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Paper mulberry

Template:Speciesbox The paper mulberry (Broussonetia papyrifera, syn. Morus papyrifera L.) is a species of flowering plant in the family Moraceae. It is native to Asia,<ref name=fna>Broussonetia papyrifera. Flora of North America.</ref> where its range includes China, Japan, Korea, Indochina, Burma, and India.<ref name=kew>Template:Cite web</ref> It is widely cultivated elsewhere and it grows as an introduced species in parts of Europe, the United States,<ref name=kew/> and Africa.<ref name=grin>Template:GRIN</ref> Other common names include tapa cloth tree.<ref name=kew/>

Description

This species is a deciduous shrub or tree usually growing Template:Convert tall, but known to reach Template:Convert at times. The leaves are variable in shape, even on one individual. The blades may be lobed or unlobed, but they usually have toothed edges, lightly hairy, pale undersides, and a rough texture. They are up to about Template:Convert long. The species is dioecious, with male and female flowers on separate plants. The staminate inflorescence is a catkin up to Template:Convert long with fuzzy male flowers. The pistillate inflorescence is a spherical head up to about Template:Convert wide with greenish female flowers trailing long styles. The infructescence is a spherical cluster Template:Convert wide containing many red or orange fruits. Each individual protruding fruit in the cluster is a drupe.<ref name=fna/><ref name=kew/>

Uses

This plant has been cultivated in Asia and some Pacific Islands for many centuries for food, fiber, and medicine.<ref name=kew/> It is a significant fiber crop in the history of paper. It was used for papermaking in China by around 100 AD. It was used to make washi in Japan by 600 AD. Washi, a Japanese handcrafted paper, is made with the inner bark, which is pounded and mixed with water to produce a paste, which is dried into sheets.<ref name=kew/>

Tapa cloth is a textile made from the inner bark in many Pacific Island nations. It was the main material for clothing in places such as Fiji, Tonga, Samoa and Tahiti until recent times, and it is still worn ceremonially. It is also used to make bags and bedding.<ref name=kew/>

The wood of the plant is useful for making furniture and utensils, and the roots can be used as rope.<ref name=kew/>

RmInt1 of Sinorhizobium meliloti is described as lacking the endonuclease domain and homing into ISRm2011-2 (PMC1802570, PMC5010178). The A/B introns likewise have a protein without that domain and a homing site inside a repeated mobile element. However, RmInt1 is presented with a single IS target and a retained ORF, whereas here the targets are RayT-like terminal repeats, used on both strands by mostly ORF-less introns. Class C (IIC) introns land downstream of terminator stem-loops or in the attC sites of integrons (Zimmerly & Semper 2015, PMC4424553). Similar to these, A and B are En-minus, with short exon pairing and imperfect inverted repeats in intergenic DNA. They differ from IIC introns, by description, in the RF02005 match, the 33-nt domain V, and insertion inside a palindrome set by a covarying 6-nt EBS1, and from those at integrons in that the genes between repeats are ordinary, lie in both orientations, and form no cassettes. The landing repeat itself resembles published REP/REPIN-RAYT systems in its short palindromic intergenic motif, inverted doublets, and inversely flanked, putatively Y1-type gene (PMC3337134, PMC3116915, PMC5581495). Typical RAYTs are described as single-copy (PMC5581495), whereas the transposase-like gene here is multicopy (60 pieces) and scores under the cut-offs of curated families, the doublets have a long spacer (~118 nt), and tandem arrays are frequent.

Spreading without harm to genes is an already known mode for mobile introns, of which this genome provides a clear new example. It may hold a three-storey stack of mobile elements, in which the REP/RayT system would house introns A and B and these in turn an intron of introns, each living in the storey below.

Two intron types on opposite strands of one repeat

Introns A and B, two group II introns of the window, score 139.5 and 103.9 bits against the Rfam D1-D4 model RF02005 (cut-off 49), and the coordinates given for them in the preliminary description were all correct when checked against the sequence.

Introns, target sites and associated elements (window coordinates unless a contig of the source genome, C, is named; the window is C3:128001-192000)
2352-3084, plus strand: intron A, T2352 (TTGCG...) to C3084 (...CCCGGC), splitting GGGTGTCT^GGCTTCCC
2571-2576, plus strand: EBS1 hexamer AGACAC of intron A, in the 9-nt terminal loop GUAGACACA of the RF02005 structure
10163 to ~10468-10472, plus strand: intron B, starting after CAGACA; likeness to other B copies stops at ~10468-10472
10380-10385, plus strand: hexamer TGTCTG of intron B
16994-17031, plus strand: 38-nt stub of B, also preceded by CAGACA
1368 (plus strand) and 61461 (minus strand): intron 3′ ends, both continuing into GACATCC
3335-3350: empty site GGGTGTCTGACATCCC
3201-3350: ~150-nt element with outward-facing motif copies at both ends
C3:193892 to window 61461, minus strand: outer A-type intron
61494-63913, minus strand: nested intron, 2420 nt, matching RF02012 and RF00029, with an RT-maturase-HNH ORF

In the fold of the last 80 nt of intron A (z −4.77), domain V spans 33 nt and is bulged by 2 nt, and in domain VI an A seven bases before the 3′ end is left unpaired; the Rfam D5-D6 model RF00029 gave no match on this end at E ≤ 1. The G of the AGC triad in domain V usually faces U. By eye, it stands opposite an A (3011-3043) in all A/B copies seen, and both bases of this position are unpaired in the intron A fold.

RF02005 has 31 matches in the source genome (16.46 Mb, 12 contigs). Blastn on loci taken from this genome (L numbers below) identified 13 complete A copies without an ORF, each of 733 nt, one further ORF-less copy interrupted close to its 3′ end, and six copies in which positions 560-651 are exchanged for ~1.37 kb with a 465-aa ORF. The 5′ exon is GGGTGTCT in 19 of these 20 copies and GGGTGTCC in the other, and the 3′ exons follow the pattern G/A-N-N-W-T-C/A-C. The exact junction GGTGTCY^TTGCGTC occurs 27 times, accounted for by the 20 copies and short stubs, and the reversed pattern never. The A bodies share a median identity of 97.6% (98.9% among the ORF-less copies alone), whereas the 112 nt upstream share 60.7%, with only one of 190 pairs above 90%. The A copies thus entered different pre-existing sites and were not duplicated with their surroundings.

The fruits and cooked leaves are edible.<ref name=kew/>

The fruit, leaves, and bark have been used in systems of traditional medicine.<ref name=kew/> For example, the bark and fruit of the species, known locally as jangli toot, are used as a laxative and antipyretic in rural Pakistan.<ref>Hussain, K., et al. (2008). An ethnobotanical survey of important wild medicinal plants of Hattar district Haripur, Pakistan. Ethnobotanical Leaflets 12, 29-35.</ref>

The species is used as an ornamental plant. It tolerates disturbance and air pollution, so it has been useful as a landscaping plant on roadsides. It is a pioneer species that easily fills forest clearings, and it has been considered for reforestation efforts.<ref name=kew/> It grows well in many climate types.<ref name=fl>Morgan, E. C. and W. A. Overholt. Wildland Weeds: Paper Mulberry, Broussonetia papyrifera. ENY-702. Entomology and Nematology. Florida Cooperative Extension Service. University of Florida IFAS. Published 2004, revised 2013.</ref>

Impacts

The ability of the plant to readily colonize available habitat, particularly disturbed areas, has helped it become an invasive species in some regions. It spreads rapidly when male and female individuals grow together and seeds are produced.<ref name=kew/> Seed dispersal is accomplished by animals that eat the fruits, and the plants can form wide, dense stands via their spreading root systems.<ref name=fl/>

This is considered to be one of the worst weeds in Pakistan, one of the most significant invasive plants on the Pampas in Argentina, and a dominant invasive in the forests of Uganda.<ref name=fl/>

The pollen is allergenic.<ref name=kew/> It is reportedly a main culprit of inhalant allergy in Islamabad, where the species is a very common urban weed.<ref>Malik, R. N. and S. Z. Husain. (2007). Broussonetia papyrifera (L.) L'hér. Ex Vent.: an environmental constraint on the Himalayan foothills vegetation. Pakistan Journal of Botany 39(4), 1045-53.</ref> The pollen allergy and asthma caused by this plant sends thousands of patients to hospitals in Islamabad during March. The specific variety should not be taken to other areas without extreme caution as to how the pollen will get dispersed.

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References

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